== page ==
There is still a material misunderstanding among even the most long-term and knowledgeable federal workers that they could lose their retirement (annuity) if they are fired, and so they think they must resign or retire before being fired to preserve their retirement benefits. Wrong. Here’s how I hear it generally plays out. A federal employee is told by human resource and/or management that a proposed removal is about to issue and that he/she could resign to avoid being fired for cause. Sure that’s true, and doing so (resigning) has very little practical value, but that’s for another column. Somehow, the…

In the past year, the U.S. Merit Systems Protection Board (MSPB) has issued several decisions reversing an agency’s adverse action against an employee because the agency failed to follow its own adverse action procedures. Not every instance in which an agency fails to follow its own action will result in reversal. Rather, those instances in which the failure to follow the internal agency procedure results in “harmful error.” Most if not all agencies have internal procedures for taking an adverse action. Those procedures mostly mirror and then build upon the governmentwide statutes and regulations proscribing the taking of an adverse…

Q: I am CSRS, FAA, 55, and fully eligible to retire. If there were to be a memo proposing disciplinary action (something serious like an adverse action as a huge suspension or removal), is there anything that prevents me from just retiring at that time? Or can my retirement papers be denied and I get fired? I have no disciplinary past. A: A proposal to suspend or remove a federal employee is just that: a proposal. The agency is required to grant the employee a reasonable amount of time to respond, both in writing and orally, to the proposal, and…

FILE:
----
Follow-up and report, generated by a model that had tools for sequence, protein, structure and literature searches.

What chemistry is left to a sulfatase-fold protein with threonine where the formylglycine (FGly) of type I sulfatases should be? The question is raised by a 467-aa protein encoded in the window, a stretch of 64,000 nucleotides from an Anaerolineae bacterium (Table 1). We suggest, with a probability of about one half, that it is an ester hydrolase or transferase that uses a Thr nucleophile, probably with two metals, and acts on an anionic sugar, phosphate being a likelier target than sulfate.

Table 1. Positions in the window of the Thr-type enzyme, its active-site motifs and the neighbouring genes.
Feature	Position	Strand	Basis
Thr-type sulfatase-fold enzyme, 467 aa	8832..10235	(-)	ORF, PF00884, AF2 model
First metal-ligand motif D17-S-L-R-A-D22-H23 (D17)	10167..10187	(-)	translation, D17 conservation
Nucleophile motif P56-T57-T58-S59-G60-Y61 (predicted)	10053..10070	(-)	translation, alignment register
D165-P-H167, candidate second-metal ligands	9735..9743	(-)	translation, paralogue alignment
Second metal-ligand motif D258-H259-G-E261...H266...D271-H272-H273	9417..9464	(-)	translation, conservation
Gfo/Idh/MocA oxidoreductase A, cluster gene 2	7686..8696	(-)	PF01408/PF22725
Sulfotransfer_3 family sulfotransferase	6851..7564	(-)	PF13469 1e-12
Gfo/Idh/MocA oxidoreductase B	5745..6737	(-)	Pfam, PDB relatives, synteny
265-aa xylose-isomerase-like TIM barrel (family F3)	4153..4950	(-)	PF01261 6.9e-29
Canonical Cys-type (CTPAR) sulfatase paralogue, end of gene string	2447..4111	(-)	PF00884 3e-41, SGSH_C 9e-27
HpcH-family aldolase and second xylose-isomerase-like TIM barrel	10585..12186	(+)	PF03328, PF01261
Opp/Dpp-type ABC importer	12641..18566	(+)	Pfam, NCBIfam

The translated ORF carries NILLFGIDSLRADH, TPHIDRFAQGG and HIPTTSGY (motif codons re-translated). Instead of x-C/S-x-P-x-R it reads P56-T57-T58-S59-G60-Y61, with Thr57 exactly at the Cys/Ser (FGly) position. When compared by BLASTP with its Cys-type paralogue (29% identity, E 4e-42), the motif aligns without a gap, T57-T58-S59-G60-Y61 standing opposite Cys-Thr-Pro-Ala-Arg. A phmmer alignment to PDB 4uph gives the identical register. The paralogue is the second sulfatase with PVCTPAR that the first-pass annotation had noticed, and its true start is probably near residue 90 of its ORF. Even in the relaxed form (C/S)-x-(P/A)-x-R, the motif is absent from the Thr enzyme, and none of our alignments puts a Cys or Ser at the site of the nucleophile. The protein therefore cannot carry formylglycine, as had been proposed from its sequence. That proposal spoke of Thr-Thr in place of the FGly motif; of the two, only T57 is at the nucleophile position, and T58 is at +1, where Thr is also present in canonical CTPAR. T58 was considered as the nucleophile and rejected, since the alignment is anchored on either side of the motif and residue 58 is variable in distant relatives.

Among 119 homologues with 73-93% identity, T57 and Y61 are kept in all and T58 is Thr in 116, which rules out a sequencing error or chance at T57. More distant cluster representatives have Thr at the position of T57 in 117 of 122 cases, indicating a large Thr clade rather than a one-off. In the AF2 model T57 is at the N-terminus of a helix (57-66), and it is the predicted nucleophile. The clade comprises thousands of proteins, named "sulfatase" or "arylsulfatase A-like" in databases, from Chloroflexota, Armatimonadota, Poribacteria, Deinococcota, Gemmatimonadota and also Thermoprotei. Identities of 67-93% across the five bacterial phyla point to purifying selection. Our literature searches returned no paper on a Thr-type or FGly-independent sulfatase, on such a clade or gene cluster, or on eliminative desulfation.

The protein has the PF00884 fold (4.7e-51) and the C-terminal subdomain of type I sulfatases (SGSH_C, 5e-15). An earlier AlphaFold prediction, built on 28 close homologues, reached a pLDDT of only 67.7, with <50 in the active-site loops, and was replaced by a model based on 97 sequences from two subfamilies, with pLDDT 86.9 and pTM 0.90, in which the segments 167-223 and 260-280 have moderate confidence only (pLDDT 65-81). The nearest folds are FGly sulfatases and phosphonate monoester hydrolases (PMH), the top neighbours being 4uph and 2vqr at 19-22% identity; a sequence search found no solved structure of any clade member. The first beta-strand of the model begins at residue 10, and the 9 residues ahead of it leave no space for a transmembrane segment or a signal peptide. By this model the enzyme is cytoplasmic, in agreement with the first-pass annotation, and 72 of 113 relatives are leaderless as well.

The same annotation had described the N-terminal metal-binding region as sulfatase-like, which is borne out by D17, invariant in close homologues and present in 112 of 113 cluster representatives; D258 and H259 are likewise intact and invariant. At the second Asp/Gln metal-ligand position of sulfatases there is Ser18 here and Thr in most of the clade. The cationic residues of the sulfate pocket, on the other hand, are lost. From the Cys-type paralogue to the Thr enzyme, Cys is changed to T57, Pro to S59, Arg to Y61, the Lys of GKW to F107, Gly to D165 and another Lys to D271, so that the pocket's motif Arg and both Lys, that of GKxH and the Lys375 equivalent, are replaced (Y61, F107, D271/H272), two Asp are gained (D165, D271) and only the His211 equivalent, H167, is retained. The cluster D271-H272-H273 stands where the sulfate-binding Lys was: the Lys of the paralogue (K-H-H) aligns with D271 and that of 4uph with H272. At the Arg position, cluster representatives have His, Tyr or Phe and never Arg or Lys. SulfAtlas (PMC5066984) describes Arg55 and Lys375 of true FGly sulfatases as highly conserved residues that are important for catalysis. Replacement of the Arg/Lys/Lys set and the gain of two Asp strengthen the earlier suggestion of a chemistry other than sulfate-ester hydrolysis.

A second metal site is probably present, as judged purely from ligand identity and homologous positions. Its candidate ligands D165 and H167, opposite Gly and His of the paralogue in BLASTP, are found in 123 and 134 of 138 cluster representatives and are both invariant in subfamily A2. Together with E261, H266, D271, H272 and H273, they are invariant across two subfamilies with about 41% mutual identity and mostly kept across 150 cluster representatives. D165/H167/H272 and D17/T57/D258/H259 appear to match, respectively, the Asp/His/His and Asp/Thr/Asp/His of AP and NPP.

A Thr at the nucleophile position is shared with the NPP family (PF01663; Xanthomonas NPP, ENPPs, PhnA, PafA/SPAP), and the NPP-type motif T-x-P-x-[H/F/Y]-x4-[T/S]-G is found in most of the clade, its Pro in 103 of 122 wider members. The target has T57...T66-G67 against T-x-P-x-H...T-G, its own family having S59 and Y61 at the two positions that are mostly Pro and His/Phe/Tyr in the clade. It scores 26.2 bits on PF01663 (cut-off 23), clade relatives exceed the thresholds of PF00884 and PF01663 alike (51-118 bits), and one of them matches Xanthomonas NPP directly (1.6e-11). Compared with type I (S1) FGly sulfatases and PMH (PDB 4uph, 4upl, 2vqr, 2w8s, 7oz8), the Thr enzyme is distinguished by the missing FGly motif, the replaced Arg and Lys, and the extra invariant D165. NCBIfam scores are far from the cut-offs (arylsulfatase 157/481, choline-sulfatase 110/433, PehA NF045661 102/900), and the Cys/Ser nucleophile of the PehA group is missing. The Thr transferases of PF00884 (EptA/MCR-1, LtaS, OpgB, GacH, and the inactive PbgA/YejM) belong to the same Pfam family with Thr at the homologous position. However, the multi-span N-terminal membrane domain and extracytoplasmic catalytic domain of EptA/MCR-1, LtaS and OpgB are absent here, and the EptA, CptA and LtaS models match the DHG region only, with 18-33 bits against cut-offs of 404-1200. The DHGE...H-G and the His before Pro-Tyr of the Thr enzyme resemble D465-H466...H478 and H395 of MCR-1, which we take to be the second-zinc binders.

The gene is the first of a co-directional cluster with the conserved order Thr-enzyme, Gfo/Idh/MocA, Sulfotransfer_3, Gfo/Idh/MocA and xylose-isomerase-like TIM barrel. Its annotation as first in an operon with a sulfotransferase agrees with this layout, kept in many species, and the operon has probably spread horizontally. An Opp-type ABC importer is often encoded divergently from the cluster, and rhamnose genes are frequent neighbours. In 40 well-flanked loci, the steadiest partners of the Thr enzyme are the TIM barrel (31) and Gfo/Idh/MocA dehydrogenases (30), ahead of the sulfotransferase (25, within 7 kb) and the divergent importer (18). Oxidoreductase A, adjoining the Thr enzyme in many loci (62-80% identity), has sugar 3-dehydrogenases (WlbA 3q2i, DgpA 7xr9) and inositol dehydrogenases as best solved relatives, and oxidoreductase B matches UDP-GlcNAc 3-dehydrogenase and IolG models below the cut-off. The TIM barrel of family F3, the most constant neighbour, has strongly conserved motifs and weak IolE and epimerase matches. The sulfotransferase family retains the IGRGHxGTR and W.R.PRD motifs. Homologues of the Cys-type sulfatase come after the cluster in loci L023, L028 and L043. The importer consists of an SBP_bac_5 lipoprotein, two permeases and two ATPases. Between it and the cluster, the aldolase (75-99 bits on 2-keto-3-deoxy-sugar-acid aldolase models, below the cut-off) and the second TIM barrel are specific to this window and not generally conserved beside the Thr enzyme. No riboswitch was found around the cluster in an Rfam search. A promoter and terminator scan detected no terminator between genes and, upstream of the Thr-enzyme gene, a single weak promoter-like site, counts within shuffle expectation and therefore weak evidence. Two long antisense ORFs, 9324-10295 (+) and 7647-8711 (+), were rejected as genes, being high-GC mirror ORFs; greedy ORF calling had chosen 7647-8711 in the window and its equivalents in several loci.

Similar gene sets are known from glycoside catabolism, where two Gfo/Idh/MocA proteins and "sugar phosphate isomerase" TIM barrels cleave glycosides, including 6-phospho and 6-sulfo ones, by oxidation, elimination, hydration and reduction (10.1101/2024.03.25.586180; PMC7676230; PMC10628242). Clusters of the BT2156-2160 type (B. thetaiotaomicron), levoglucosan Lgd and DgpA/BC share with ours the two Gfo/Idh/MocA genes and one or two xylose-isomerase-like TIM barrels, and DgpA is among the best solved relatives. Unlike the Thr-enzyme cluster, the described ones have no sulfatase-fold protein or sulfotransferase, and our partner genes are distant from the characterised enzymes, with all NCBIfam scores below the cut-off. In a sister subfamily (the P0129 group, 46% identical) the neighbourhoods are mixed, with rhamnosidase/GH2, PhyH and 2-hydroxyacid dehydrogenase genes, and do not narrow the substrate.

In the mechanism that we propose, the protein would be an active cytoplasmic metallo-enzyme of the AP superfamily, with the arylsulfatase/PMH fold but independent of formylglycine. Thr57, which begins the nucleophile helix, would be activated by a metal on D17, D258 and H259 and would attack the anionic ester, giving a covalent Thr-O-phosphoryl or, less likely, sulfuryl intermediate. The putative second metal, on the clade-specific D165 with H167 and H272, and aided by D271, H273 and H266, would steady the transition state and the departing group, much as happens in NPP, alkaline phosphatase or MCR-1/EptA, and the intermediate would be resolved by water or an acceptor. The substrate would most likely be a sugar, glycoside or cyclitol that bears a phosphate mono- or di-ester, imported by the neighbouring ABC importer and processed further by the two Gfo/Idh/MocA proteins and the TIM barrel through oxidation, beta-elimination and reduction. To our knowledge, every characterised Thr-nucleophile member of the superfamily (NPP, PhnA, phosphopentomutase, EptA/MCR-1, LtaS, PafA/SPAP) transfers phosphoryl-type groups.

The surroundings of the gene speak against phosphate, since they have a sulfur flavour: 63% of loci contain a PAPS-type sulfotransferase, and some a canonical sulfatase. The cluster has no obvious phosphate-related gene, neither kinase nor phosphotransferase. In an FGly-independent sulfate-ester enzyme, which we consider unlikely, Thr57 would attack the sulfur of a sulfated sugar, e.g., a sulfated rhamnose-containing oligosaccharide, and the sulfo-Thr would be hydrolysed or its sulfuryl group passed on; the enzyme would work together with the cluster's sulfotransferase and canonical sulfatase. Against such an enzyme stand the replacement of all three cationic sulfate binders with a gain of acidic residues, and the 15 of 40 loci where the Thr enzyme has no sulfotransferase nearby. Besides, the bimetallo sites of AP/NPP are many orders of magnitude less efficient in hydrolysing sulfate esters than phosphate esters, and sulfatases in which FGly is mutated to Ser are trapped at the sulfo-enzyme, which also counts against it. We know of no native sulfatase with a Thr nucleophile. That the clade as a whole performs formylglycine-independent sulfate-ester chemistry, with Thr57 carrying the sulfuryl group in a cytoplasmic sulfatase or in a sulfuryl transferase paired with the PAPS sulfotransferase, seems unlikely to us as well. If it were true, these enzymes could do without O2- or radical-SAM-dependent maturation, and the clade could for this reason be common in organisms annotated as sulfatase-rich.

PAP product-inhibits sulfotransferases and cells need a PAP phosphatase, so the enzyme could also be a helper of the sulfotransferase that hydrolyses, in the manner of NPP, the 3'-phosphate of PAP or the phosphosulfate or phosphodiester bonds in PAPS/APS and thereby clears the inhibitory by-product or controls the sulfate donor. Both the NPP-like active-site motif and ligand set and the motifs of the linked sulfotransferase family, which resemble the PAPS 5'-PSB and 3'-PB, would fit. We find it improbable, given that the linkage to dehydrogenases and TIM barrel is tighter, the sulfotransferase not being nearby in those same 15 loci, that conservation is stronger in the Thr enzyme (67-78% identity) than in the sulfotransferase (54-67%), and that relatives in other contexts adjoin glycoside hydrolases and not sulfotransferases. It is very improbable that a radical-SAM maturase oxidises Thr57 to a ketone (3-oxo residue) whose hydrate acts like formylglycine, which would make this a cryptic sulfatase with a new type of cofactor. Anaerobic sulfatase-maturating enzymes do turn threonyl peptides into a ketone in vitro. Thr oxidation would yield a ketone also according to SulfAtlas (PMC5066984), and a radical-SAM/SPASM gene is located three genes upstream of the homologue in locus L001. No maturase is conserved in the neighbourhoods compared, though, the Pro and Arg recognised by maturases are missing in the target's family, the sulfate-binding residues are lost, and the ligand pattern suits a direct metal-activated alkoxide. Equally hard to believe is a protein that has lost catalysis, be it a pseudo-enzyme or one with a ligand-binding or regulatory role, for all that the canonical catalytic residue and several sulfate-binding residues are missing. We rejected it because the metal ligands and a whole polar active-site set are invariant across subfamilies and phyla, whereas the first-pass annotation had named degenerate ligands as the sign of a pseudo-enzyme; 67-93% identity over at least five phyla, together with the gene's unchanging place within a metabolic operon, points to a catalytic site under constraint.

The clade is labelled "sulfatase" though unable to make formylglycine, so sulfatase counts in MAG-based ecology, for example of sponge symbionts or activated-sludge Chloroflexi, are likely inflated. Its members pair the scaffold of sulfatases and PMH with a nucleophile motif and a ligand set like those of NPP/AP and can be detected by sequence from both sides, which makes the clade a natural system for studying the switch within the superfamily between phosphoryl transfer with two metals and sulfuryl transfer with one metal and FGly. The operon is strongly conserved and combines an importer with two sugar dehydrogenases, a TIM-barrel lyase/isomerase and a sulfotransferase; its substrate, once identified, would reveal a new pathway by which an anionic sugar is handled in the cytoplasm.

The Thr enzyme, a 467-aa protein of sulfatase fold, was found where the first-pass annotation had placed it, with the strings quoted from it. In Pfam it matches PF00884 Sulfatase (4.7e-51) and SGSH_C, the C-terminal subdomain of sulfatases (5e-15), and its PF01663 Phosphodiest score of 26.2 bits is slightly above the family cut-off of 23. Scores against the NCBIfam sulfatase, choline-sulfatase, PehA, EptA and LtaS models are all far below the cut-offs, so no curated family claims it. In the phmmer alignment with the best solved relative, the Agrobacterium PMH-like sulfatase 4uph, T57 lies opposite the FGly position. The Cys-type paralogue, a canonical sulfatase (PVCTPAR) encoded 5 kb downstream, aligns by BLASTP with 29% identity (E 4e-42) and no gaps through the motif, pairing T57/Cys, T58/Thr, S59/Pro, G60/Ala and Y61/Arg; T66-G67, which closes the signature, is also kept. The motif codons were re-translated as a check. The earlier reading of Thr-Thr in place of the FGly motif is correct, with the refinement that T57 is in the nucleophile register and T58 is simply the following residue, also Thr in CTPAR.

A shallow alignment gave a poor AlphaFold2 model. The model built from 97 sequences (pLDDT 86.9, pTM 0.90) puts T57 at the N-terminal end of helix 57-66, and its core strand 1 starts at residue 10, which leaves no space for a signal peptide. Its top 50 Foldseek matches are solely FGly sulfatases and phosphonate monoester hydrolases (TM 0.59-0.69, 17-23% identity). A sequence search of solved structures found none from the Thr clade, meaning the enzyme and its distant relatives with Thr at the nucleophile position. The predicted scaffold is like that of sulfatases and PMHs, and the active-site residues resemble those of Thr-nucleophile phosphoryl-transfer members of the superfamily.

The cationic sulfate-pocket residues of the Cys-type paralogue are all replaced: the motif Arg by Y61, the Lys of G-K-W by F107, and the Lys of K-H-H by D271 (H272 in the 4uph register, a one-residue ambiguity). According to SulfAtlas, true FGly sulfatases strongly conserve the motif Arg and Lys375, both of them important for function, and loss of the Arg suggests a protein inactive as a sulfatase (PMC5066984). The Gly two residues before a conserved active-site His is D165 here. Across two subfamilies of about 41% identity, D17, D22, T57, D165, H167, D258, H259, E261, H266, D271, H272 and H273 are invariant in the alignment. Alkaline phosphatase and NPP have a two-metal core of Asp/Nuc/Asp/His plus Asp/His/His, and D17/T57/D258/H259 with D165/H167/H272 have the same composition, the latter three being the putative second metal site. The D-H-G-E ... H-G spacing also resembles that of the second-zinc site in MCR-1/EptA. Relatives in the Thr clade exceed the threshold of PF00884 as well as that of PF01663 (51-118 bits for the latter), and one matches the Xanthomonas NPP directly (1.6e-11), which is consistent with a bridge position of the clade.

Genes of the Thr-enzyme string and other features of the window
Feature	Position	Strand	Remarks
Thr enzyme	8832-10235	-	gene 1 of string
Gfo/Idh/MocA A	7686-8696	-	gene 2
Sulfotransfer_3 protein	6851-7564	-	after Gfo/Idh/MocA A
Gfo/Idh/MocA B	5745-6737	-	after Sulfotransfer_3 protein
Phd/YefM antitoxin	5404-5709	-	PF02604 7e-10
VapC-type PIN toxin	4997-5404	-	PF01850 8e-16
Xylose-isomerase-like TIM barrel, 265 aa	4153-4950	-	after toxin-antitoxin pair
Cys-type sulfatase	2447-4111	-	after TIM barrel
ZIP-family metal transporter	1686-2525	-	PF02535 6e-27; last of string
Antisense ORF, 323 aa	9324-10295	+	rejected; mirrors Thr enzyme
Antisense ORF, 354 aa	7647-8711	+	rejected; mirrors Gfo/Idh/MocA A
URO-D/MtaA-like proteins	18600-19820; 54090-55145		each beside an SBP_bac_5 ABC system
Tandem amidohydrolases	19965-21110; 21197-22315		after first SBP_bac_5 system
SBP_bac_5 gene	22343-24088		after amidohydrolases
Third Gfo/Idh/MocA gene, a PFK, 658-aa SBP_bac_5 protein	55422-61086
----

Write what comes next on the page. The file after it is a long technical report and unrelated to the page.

Debra L. Roth is a partner at the law firm Shaw Bransford & Roth in Washington. She is general counsel to the Senior Executives Association and the Federal Managers Association, host of the “FEDtalk“ program on Federal News Radio, and a regular contributor to Federal News Radio’s “Federal Drive” morning show. Email your legal questions to lawyer@federaltimes.com.  The VA took a firm public position that despite the special firing authority Congress passed last summer, VA senior executives retained a constitutional right to their jobs and thus were entitled to pre-termination due process. Then, VA litigated the opposite position before an…

Q: In November 2013, I sent my local US Representative a Privacy Act Release and with a letter, I asked him to send to OPM for a letter regarding my retirement.  I did not receive a response to that letter.  I subsequently sent him additional letters to send OPM.  In these letters to OPM, I specifically stated for them to send all correspondences to me regarding my retirement.  I had been trying to get OPM to issue decisions on the type of retirement and other annuity issues.  I know once you received a decision from OPM you only have 30…